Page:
Bill wanted to be dead, or in prison for much longer. What was so great about the outside world, anyway? He got three square meals in here. He didn't have to worry too much not that he was in a group--he only had to give it up to the leader and only once a week. He was protected. He had cable. Suddenly the outside seemed like a much stranger place than Bill remembered. He thought everything was black and white, dead or alive. He had no response. "I see. I get it, Bill. You've found someone in here? Maybe you never loved me. I'm just going to go." Bill nodded, but could make no words sound. He realized, of course, that this professed love explained a lot of weirdness between the killer and himself. "Bye Bill." The killer then did something that changed Bill's life--for the better or worse is up for debate. He stood up to leave, but then turned, leaned in quickly and kissed Bill on the lips. No magic fairy came down at that point. There were no angles and no revelations. Bill wasn't Snow White waking from a long heterosexual nightmare or anything. In fact, Bill was annoyed by the whole encounter. However, Bill was so shocked and taken aback, that he failed at that point to consider the repercussions that this kiss would have on his life. It never occurred to him that half the guard population and about a dozen
fellow inmates had seen that kiss and made some snap judgments. No, that realization would come later and in physical form. The killer fled the prison, dropping his pictures in the trashcan of the prescreening lobby as he left. He got into his black Mercedes and started to drive. He reached up and adjusted his glasses. Then he ripped them off and was about to throw them out the window, onto the highway, but he stopped. Bitterness and hatred wouldn't help anyone. So Bill didn't love him anymore-maybe he never had. There were other fish in the sea, other people, better people, to experience. The killer took the glasses, folded them gently and placed them in a case that used to be for his own glasses, which he'd kept all this time in the glove box. He would go out, he decided, and buy a new pair of glasses. Perhaps he'd dazzle people with a new pair of gold wire rims. Maybe he'd go retro with a pair of Buddy Hollies. The sky was the limit. He was a new man--Bill had freed him. Part of him knew that this was all façade, and that as soon as he got home the demons he was outrunning in his Mercedes would finally catch up to him, but that part of him was quiet enough for now. Because for now, he decided he would let the road carry him and let freedom ring its bell in his ear as he sailed into the next phase of his life.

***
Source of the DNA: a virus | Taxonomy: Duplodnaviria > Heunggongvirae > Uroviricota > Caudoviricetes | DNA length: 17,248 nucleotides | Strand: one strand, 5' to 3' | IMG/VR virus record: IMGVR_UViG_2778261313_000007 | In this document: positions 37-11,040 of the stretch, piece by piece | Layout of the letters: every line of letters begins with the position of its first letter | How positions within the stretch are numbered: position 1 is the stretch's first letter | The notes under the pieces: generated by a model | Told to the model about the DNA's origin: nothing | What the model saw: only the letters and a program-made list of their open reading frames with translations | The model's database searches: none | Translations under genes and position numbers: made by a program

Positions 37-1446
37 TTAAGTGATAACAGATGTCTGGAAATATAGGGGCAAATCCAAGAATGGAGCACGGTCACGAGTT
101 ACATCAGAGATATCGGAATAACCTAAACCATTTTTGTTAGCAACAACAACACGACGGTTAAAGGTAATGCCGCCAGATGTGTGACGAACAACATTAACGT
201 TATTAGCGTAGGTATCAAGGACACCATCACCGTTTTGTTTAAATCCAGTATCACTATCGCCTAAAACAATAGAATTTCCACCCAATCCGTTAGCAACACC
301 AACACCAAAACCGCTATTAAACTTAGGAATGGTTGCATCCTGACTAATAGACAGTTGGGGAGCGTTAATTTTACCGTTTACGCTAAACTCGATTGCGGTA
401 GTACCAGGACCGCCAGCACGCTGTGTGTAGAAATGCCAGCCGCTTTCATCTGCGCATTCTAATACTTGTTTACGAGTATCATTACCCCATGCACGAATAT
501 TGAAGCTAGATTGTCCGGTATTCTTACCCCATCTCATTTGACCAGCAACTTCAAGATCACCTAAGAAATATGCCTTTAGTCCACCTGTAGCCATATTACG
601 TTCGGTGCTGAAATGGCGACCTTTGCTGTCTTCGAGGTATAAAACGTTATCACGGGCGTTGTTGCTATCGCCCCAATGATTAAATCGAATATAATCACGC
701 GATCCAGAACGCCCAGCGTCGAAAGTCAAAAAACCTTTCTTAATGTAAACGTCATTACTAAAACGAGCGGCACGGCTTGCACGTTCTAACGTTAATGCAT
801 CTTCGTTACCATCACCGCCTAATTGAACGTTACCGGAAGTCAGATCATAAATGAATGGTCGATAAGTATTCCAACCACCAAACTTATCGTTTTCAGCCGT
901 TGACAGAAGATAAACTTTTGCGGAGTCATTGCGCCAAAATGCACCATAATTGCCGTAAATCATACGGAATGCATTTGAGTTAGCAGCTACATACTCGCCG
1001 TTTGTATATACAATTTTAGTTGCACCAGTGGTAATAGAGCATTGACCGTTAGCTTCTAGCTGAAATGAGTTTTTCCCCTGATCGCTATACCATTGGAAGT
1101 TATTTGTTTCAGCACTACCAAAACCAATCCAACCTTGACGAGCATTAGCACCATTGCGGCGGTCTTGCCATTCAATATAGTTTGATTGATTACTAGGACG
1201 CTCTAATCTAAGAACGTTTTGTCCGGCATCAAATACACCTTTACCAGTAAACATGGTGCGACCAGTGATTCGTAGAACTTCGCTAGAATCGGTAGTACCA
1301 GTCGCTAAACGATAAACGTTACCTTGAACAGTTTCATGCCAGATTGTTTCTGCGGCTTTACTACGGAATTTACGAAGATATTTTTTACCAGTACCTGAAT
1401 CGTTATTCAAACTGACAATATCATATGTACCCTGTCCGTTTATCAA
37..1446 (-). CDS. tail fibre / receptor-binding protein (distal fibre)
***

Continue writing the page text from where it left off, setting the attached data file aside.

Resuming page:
5. Bill's Sentence
Bill, after word spread of his homosexual partner, soon found that the protection he'd been relying on was starting to falter. It started with a rape in the shower. Not a big deal-it's bound to happen now and again even with the best protection. However, before too long other inmates started raping him everywhere. The other guys in his gang even took turns gang-raping him one night. The leader of their gang just laughed and watched. Bill realized that the killer had marked him. This must have been the man's plan all along, to mark him as a homosexual in a maximum security prison and doom him to four long months of gang rapes. It didn't take him long to see that his situation was headed downhill unless he took some action, so he started fighting back. It worked for a little while, at least against the weaker inmates, but many of the men were lifers who'd been there for years doing nothing but pumping iron and learning to restrain their fellow man in the proper position for anal pounding. Bill had to get creative in his protections. He started carrying a shiv to scare away attackers. When that didn't seem to be working, he started going on the offensive. He killed one man in the beloved shower--which cost him a month in solitary that he was more than happy to receive. A week after he got out, he stuck a sharpened butter knife into a large man's throat during supper. With the shower incident he'd gotten off